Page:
Though Wayfair must have had a positive influence on recent collections, the largest on-line vendors were already paying sales taxes to New York State. Unresolved at this point are such matters as whether sales of hosted software or software-as-a-service are considered sales of tangible personal property subject to taxation.
Also having an effect on sales-tax revenues in 2018 was the Tax Cuts and Jobs Act of December 2017, under which taxpayers’ deductions from state and local taxes of real estate, personal property, and either income or sales taxes was capped at a total of $10,000. That law has disproportionately affected New York State.
Carrying over a surplus of $4.75 million in sales-tax revenues between what it budgeted for 2019 and what it received, Ulster County government is projecting a five percent increase in sales-tax revenues in 2020.
Is that prudent budgeting? Let’s do an exercise we’ll call Sales-tax Budgeting 101.
Let’s assume for the sake of argument that for a variety of reasons Ulster County’s increase in sales-tax collections in 2020 comes in at the lowest statewide average in the last ten years, 2.3 percent, rather than at the budgeted five percent. In that case, by my calculation, revenues would increase over DiNapoli’s actual 2019 collections number of $127.190 million to $130.115 million in 2020, or $1.554 million above the Ulster County’s adopted 2020 budget number of $128.561 million. The 2020 budget would still balance, but with less of a carryover surplus the county would be in a pickle when it comes to 2021 and then 2022.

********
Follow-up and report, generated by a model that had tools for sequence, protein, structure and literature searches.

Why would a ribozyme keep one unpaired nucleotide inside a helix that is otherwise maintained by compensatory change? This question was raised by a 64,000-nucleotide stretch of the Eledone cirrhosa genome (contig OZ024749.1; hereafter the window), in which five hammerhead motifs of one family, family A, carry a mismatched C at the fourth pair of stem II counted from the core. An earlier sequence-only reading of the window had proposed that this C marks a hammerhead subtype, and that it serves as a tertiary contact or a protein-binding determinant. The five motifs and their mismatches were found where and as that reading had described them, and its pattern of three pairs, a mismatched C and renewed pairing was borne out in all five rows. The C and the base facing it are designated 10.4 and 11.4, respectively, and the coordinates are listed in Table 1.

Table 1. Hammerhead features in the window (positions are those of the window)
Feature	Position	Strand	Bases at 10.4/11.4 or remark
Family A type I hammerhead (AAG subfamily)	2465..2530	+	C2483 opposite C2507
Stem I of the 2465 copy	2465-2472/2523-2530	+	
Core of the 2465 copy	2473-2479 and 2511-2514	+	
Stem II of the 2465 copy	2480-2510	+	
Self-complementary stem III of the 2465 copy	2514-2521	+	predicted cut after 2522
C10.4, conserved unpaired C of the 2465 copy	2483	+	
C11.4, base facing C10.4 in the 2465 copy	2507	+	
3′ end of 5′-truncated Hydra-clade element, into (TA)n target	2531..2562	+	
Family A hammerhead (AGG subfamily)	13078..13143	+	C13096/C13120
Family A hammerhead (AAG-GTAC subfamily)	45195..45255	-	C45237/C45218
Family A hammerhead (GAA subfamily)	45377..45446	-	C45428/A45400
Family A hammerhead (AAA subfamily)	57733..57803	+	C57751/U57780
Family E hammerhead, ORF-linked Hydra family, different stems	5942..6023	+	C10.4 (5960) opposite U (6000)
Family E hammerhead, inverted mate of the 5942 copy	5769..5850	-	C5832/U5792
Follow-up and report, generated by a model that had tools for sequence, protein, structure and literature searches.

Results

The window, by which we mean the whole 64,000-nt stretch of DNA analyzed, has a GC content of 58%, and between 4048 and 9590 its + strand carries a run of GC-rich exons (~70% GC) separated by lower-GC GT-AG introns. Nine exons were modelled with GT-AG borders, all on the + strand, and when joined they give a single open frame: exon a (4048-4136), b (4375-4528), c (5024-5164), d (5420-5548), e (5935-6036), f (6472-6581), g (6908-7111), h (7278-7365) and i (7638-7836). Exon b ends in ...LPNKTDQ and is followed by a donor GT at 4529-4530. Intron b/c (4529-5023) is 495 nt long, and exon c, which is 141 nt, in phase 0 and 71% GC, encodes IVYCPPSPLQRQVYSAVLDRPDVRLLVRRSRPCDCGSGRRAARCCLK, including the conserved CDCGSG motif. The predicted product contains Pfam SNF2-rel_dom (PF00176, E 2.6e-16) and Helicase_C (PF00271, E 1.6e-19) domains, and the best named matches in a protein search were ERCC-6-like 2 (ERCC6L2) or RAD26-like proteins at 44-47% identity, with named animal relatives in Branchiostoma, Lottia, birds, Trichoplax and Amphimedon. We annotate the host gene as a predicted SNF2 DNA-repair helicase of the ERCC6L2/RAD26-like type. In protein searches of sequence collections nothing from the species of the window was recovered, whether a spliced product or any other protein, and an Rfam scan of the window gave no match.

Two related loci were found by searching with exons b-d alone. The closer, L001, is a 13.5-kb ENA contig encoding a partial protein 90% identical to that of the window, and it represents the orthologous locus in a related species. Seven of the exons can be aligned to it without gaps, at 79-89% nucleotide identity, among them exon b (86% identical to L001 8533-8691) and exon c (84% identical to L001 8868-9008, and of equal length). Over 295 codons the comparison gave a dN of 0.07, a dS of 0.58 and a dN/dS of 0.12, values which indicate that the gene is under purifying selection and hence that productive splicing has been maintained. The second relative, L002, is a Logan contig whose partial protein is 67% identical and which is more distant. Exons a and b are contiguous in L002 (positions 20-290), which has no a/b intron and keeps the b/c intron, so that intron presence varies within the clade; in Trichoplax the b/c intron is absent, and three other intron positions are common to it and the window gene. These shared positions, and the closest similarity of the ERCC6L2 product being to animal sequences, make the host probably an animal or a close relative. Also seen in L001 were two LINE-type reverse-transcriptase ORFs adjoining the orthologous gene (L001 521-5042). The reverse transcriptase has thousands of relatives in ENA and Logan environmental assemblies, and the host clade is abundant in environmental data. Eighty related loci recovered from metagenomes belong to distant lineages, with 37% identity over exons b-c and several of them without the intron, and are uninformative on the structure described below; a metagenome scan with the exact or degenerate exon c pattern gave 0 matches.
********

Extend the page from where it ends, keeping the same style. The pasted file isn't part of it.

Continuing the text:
To restore the previous financial balance, it would have to consider raising other taxes or, heaven forbid, cutting services. Finding neither option attractive, most governments threaten to raise taxes, sometimes back off In part, and congratulate themselves on their good management skills. This past year Westchester County increased its sales-tax rate, bringing in a handy $70 million in new revenues. Orange County just last week tested the waters of a quarter-of-one-percent increase, blaming the preemptive move on the possibility that Albany might make the counties shoulder a greater share of Medicaid expenses. “Albany is leaving us with one choice to pay for their mandates,” the Times Herald-Record quoted Orange County finance commissioner Karin Hablow as saying about the possible increase.
Thorough studies of cost-cutting possibilities before action is needed have been a more rational alternative that governments have been traditionally loathe to consider when revenues drop. What services are duplicative? Which are more expensive than if provided by contract entities? Which are unaffordable?
Under the terms of a five-year agreement made with the City of Kingston in 2016 and expiring on the last day in February next year, Ulster County gets 85.5 percent of the county sales tax, Kingston gets 11.5 percent, and the towns divide the remaining three percent.